Finding Yourself, And Your Customers, in Europe

  • Mike Davies, VP EMEA North at GMC Software

  • 30.03.2016 10:45 am
  • Digitalisation

Many have applauded the European Commission’s “Europe 2020” strategy, in particular its focus on removing contract-related barriers to cross-border insurance. However, while tackling “bottlenecks in the Internal Market” will remove obstacles to competition, as well as a heavy and inconsistent burden on the ability to expand services, it doesn’t guarantee success. A one-size-fits-all approach to customer experience is already unworkable on a regional or national scale; on a continental scale, it’s even more so. The ultimate success of insurers will be largely dependent on how well they can engage with individual customers, whether they are in Birmingham, Barcelona or Bucharest. Providing comprehensive, informative and above all customer-centric communications will be crucial to making the most of cross-border trade.  

At its most simple, customer-centric engagement needs to adapt itself to crossing borders. For instance, ensuring that language and cultural references are relevant to the individual customer. It might seem obvious, but wishing a German customer Happy Bastille Day, expecting French customers to respond during the les grandes vacances, or sending a morning greeting when the other side of the continent is having lunch, is a swift route to alienating the audience. However, engagement should go further than this. Businesses should know the best channel to communicate with a specific customer; the best times to do so; and what messages will interest them. Essentially, a customer contacting their insurer should expect a single, seamless experience that crosses channels and languages.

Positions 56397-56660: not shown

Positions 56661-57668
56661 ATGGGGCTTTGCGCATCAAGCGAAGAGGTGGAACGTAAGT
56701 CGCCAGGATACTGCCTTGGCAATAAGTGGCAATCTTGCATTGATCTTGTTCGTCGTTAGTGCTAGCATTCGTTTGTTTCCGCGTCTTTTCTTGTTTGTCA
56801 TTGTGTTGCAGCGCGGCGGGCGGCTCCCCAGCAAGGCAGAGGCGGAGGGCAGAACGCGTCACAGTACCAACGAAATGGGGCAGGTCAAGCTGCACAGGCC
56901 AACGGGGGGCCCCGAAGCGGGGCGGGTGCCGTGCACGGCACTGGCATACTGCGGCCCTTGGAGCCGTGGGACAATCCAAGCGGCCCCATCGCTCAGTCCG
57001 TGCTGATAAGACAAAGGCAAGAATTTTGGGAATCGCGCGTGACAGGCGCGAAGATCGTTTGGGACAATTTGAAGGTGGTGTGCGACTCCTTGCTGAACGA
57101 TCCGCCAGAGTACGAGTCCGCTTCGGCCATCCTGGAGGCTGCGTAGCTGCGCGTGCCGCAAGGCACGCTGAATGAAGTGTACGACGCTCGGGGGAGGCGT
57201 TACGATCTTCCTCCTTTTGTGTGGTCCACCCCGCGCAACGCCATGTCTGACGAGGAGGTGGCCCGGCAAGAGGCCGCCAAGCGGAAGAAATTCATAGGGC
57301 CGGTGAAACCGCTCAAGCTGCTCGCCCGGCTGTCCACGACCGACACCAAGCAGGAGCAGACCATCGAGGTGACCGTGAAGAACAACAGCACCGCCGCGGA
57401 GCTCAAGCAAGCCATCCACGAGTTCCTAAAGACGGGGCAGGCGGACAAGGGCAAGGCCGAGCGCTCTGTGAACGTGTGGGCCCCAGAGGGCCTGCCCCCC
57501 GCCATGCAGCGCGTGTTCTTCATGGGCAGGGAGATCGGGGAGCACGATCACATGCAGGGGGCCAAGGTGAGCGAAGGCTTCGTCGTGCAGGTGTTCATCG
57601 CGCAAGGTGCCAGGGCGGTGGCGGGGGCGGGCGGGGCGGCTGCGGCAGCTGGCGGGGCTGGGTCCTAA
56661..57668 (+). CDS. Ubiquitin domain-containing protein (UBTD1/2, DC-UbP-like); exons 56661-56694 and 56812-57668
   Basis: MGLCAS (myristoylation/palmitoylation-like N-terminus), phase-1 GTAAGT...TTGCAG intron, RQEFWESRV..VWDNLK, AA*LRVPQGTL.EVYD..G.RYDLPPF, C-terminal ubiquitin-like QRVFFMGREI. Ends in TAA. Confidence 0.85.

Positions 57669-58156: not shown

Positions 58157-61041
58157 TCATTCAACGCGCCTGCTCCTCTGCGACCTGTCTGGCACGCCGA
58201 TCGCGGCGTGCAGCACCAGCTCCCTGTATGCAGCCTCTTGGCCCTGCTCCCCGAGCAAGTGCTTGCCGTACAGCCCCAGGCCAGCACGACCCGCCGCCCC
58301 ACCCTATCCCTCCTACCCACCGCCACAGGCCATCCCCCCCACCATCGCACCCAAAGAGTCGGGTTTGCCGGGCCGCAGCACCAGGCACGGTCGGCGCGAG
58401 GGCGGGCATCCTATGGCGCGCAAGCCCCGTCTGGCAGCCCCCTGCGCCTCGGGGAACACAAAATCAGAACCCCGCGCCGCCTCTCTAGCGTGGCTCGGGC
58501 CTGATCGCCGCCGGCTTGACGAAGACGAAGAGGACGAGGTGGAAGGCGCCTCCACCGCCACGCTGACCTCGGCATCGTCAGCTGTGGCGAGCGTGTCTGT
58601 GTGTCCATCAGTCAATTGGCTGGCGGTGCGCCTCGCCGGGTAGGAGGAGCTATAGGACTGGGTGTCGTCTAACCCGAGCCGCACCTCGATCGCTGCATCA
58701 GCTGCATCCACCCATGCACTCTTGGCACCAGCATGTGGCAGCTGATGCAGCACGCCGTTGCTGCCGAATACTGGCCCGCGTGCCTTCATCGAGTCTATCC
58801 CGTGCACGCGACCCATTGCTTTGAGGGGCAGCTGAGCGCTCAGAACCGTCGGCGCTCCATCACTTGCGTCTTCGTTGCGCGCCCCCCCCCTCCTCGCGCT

This customer-centric approach will be supported by another major focus on the European Commission, digitalisation. Used correctly, digitalisation should make cross-border, customer-centric engagement much more achievable. Communications can be more frequent, more targeted and more interactive, with dynamic content allowing customers to view the information that most interests them; whether that’s interest rates or how to lower their premium. Digitalisation is particularly important in appealing to new consumers such as Millennials, who demand ease of communication and won’t accept traditional boundaries.

However, key to succeeding in this approach is the ability of the industry to implement its, often legacy, systems and processes to reflect and exploit these regulatory changes as they appear. The financial industry, and insurers in particular, are by nature risk, and so change, averse. Unless this inflexible attitude changes, the European industry will never be able to take advantage of more open borders.  

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